God did not want us to leave as few footprints as possible, leaving the earth alone as much as we can. He commanded us instead to spread out, over the whole globe, and bring it all under our influence, to subdue it for its own good, to make it even more fruitful, beautiful, and sustainable, under God’s guidance and by the power he invested in it. We dare not be cowed into relinquishing this role out of shame that we have performed it badly heretofore. We must take it up afresh, do the best we can, and look forward to the shalom that our administration will bring, in concert with Christ’s rule, in the world to come.
It is crucial that we see that we are not living as if Jesus were present now in his earthly ministry, but after that: after the crucifixion, the resurrection, and the ascension; after Pentecost and the giving of the Holy Spirit; after the gospels and the Book of Acts, which record the launching of the church’s distinctive era and mission. We live after the Old Testament and after the career of Jesus in a third era of redemption, the age of the church before the return of Christ in the consummation of history. “It is for your benefit that I go away,” Jesus told his disciples (Jn. 16:7), and we must take him at his word. . . .
“What would Jesus do?” therefore is the wrong question for Christian ethics. If we keep asking it, moreover, we will keep making the perennial mistakes many have made, such as prioritizing church work over daily trades (“because Jesus gave up carpentry for preaching the gospel”); valorizing singleness, at least for clergy (“because Jesus didn’t marry”); and denigrating all involvement in the arts, politics, or sports (“because we never read of Jesus painting a picture or participating in political discussions, much less kicking a ball”). Instead, “What would Jesus want me or us to do, here and now?” is the right question—or, if I may, Who are we, for Jesus Christ, today?
[Bonhoeffer] joined the Abwehr (military intelligence) originally in order to assist surreptitiously in the rescue of Jews and also to engage in political and diplomatic work on behalf of his country. . . . Bonhoeffer played this dangerous game fully. In 1940, upon the fall of France, Eberhard Bethge recalls an announcement being made in a café in a small German town. Everyone lept to their feet, began singing, “Deutschland, Deutschland über alles,” and raised their arms in the Nazi salute. To Bethge’s perplexity, Bonhoeffer raised his arm as well, and then whispered to his friend, “Raise your arm! Are you crazy?” Afterward he said, “We shall have to run risks for very different things now, but not for that salute!” This kind of pragmatism, for Bonhoeffer, is what it meant to serve Christ in the real world.
Those who find their work meaningless and who lack significant personal relationships will find much encouragement in a consumer-oriented society to devote themselves to new forms of gadgetry and to establish a firm decorative control over their limited personal environment. These evasions of freedom, along with the forms of indulgence more usually associated with “sensuality,” must be seen as genuine forms of sin.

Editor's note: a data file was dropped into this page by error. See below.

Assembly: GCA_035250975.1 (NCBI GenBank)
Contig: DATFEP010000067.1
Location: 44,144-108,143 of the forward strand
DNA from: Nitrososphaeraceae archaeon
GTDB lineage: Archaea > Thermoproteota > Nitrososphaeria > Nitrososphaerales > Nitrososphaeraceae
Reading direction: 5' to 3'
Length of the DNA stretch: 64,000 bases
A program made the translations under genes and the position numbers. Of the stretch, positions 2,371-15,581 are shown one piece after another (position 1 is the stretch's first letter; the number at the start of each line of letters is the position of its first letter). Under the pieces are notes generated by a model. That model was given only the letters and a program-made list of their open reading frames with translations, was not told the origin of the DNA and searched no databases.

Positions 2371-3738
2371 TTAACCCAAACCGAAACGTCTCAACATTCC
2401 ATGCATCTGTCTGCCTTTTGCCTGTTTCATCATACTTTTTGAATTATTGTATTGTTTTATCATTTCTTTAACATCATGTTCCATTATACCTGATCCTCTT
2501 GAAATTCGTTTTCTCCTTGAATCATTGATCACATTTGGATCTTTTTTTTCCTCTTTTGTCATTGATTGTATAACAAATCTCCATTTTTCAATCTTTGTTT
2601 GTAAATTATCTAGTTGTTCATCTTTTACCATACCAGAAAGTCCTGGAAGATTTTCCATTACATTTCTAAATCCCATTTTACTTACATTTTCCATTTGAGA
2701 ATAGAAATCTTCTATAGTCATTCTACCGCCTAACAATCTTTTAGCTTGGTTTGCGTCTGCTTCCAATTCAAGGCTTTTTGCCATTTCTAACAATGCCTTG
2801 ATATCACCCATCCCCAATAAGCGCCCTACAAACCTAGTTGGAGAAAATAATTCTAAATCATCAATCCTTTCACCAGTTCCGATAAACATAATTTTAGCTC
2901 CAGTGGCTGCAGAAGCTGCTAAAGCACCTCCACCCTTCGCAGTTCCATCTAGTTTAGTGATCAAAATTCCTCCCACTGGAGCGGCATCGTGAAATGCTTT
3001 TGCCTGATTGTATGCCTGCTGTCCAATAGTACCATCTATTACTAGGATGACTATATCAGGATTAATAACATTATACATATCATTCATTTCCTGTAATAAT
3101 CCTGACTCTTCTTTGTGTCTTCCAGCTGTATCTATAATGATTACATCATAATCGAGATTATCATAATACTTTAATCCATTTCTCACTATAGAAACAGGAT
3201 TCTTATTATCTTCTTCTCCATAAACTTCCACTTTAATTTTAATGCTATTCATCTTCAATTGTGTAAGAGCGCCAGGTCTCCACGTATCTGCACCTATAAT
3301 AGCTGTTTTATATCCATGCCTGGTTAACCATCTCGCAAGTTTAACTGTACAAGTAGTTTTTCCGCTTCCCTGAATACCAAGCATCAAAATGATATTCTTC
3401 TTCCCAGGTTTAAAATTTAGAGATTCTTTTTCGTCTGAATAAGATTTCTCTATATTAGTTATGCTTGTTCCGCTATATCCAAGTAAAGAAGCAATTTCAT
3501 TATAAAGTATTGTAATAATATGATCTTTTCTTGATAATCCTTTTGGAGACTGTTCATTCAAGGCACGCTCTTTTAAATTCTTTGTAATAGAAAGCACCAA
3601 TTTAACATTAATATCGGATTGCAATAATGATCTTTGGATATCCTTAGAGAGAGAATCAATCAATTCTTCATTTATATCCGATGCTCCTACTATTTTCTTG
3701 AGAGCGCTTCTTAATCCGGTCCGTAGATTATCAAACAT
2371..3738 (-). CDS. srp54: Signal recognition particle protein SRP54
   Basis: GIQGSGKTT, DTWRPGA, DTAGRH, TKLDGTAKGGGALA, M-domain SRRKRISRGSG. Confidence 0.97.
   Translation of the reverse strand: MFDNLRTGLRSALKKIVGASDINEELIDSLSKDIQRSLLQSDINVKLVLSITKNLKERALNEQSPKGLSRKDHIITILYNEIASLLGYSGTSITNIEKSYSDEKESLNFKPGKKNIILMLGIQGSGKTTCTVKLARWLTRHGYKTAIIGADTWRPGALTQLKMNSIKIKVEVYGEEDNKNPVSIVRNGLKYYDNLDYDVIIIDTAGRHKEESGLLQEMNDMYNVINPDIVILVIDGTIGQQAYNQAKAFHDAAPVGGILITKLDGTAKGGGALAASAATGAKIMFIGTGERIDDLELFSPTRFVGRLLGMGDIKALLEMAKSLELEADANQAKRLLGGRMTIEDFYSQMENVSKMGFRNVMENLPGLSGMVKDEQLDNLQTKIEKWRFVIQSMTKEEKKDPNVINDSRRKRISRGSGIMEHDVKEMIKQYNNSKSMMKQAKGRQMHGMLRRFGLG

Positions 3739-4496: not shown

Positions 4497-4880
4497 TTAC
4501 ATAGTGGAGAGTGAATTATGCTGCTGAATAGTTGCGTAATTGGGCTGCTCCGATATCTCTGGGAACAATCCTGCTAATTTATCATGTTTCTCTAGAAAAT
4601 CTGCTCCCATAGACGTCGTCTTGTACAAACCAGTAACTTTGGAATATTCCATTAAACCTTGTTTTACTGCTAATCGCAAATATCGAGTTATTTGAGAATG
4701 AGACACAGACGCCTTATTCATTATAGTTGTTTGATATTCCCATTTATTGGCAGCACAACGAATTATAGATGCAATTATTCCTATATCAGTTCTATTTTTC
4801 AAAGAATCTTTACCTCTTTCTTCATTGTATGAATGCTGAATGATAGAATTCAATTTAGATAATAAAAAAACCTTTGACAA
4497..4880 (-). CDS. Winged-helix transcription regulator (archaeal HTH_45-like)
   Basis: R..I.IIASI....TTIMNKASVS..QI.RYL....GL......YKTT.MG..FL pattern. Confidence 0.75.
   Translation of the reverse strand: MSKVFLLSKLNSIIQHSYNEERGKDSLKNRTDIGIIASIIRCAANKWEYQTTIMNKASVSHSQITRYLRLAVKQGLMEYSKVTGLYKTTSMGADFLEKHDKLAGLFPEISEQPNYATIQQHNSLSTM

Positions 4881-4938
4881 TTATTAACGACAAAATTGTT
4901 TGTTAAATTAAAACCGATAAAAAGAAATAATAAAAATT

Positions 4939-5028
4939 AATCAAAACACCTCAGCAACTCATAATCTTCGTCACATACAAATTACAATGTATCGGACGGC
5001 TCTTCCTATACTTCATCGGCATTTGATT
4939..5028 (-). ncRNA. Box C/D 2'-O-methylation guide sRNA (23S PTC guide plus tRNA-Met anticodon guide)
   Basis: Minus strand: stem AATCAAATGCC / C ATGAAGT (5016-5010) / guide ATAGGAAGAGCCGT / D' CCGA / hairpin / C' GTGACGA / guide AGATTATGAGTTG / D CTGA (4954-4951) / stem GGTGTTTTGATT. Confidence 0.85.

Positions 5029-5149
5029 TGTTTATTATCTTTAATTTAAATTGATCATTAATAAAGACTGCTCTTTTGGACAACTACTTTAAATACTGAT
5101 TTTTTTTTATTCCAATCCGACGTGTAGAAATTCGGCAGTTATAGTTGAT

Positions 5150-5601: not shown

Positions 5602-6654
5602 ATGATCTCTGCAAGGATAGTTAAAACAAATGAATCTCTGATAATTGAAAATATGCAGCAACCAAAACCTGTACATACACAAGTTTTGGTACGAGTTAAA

. . . We must also identify a form of institutional sin that elicits sensuality or sloth from persons by demanding commitments that preclude responsible attention to the range of choices and responsibilities that they ought to be attending to for themselves. The “up or out,” “publish or perish” career trajectories imposed by businesses, law firms, and academic institutions provide familiar examples of this sort of pressure. . . . Those who yield to these pressures are often pictured as ambitious, “fast-track” achievers whose chief temptation would seem to be to emulate the pride of their seniors and superiors. In fact, however, their achievements are often expressions of sensuality and sloth. The rising executive or scholar abandons the difficult balancing of obligations that marks a life of freedom constrained by human finitude, and substitutes a single set of goals defined by outside authorities.
It is interesting . . . to ask what Lewis thought about cities, those symbols of human social life. Wesley Kort avers, “While Lewis affirms the importance of social spaces that accommodate and stimulate the potentials of persons and grant to persons a sense of being a home, he offers no realistic models of social space equivalent to those he gives for personal spaces and open landscapes.” Compare also the testimonial of Helen Gardner, as Meilander introduces it: “Despite the fact that much of his [academic] work concerned the debt of English literature to the literature of the Renaissance, no vision of ‘cities, large and small, with splendid public monuments’ ever played a large role in his imagination. For Lewis, she suggests, the simple loyalties of the comitatus were never replaced by the more complex loyalties of the ‘city.’” . . .
London itself appears in the Narnia chronicles, but always as negative (particularly in The Magician’s Nephew, but it is also war-torn London from which the children must be sent away in The Lion, the Witch, and the Wardrobe as well). All of the other cities in the Narnia chronicles are evil—from Charn to Calormen. Hell itself is a city in The Great Divorce, but Heaven is a countryside. I shall leave as homework for Lewis aficionados this question: does anything good happen in a city in any of Lewis’s writings? One wonders if C. S. Lewis himself stood in need of some imaginative conversion by the Bible’s own images of the New Jerusalem.